The “burden of disease” is based on a calculation of the number of years lost across a specified population due to premature death and years of “healthy” life lost due to disability arising from injury or illness. These years are called “disability-adjusted life years”.
According to that report, intimate partner violence was not among the top causes of death for women. Homicide and violence is the 26th highest cause of death, disability and illness.
The One in Three Campaign talked about the top five causes of death, disability and illness. The illnesses they referred to were the leading causes of “disability-adjusted life years”.
So this claim is about intimate partner violence as a cause of death, injury and illness rather than as a contributor to other causes.
It is important to note, however, that the 2003 AIHW report also estimated the contribution of intimate partner violence to the development of burdens such as depression and anxiety.
The report found intimate partner violence to be a leading risk for the development of depression and anxiety.
The Age: contributors to illness and death
The Age appears to be referring to a 2016 report commissioned by the not-for-profit group Australia’s National Research Organisation for Women’s Safety (ANROWS), which superseded the 2004 VicHealth burden of disease report.
The ANROWS report, Examination of the burden of disease of intimate partner violence against women in 2011: Final report, examined the prevalence and health impacts of intimate partner violence on Australian women. It found intimate partner violence and emotional abuse, in both cohabiting and non-cohabiting relationships:
contributes more to the [disease] burden than any other risk factor in women aged 18-44 years, more than well known risk factors like tobacco use, high cholesterol or use of illicit drugs.
The ANROWS report draws very strongly on methods and data used in the AIHW Australian Burden of Disease Study 2011, and focuses on intimate partner violence victimisation as a risk factor for death and other outcomes, such as mental and physical illness.
In other words, The Age claim is based on a report looking at the contribution of intimate partner violence to other causes of death, injury and illness – rather than as a cause in itself.
The report suggests intimate partner violence contributes to around 5.1% of the total “burden of disease” among women aged 18-44, making it the largest single contributor to the “burden of disease” for that group of women.
The estimates reported are generally similar to other estimates (including those provided by AIHW reports) in terms of the magnitude of the burden, the diseases contributing to it and its ranking among other risk factors.
However, they may be slightly different due to the ANROWS report using a broad definition of intimate partner violence which includes emotional, as well as physical, abuse.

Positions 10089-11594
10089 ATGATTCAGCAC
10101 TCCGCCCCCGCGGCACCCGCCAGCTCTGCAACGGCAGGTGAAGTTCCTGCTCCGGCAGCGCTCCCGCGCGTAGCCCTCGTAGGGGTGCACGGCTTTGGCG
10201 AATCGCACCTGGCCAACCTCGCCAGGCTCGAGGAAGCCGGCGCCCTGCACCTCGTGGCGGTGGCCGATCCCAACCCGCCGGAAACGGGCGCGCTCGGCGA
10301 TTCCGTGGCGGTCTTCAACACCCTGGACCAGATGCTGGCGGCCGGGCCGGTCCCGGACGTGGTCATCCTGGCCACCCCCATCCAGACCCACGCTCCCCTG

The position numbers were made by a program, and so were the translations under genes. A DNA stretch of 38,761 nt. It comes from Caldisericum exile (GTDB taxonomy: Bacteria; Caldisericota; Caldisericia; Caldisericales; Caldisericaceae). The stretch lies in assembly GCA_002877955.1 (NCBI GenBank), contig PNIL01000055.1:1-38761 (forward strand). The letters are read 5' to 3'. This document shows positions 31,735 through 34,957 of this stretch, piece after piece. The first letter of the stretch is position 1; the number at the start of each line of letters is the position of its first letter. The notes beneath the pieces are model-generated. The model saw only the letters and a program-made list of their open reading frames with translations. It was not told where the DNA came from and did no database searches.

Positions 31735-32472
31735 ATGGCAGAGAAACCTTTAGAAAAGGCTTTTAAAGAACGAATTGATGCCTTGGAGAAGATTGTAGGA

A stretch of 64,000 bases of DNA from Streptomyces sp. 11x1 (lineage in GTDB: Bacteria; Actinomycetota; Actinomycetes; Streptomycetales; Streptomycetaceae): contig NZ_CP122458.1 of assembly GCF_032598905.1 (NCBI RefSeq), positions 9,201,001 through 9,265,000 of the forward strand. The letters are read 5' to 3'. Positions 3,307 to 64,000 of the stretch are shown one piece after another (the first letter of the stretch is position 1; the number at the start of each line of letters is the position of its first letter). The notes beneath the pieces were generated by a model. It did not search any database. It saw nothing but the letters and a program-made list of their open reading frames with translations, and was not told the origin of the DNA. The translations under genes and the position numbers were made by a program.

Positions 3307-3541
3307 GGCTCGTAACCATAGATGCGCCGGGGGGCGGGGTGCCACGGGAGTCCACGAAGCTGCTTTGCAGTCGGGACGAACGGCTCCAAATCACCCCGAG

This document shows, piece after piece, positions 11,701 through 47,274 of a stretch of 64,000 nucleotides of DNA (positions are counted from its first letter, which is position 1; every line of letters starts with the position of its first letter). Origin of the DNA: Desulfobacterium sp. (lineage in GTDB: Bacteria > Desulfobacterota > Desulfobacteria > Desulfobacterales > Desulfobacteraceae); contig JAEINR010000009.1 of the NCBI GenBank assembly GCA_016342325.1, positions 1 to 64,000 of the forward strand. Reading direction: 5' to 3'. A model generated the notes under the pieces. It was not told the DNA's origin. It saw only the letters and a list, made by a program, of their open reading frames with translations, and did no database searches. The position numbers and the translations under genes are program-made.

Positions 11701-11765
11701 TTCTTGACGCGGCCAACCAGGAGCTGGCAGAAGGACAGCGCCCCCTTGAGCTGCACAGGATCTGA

Both claims rest on information drawn from very similar sources: the AIHW Burden of Disease Study 2011 and the previous study from 2003. Although all datasets and methods come with caveats and cautions, there is no reason to believe that those sources are inaccurate.
The inconsistency between the claims arises from different ways of looking at the question, and different interpretations of essentially the same data.
Based on the reports above, a more accurate thing to say is that although intimate partner violence is not a leading cause of death, injury and illness among Australian women aged 18-44, it does appear to be a leading contributor. – Samara MacPhedran
I agree with the conclusions of this FactCheck. It is a balanced examination of the alternative claims about the impact of domestic violence on women’s health, and highlights the differences in the direct claims of causation, as against the more indirect claims of contribution.
The FactCheck also rightly highlights that the definition of domestic violence has been expanded widely to move beyond physical violence, to capture more abstract forms such as emotional, psychological and financial abuse. – Terry Goldsworthy
The Conversation’s FactCheck unit is the first fact-checking team in Australia and one of the first worldwide to be accredited by the International Fact-Checking Network, an alliance of fact-checkers hosted at the Poynter Institute in the US. Read more here.
Have you seen a “fact” worth checking? The Conversation’s FactCheck asks academic experts to test claims and see how true they are. We then ask a second academic to review an anonymous copy of the article. You can request a check at email@example.com. Please include the statement you would like us to check, the date it was made, and a link if possible.
Authors: Samara McPhedran, Senior Research Fellow, Violence Research and Prevention Program, Griffith University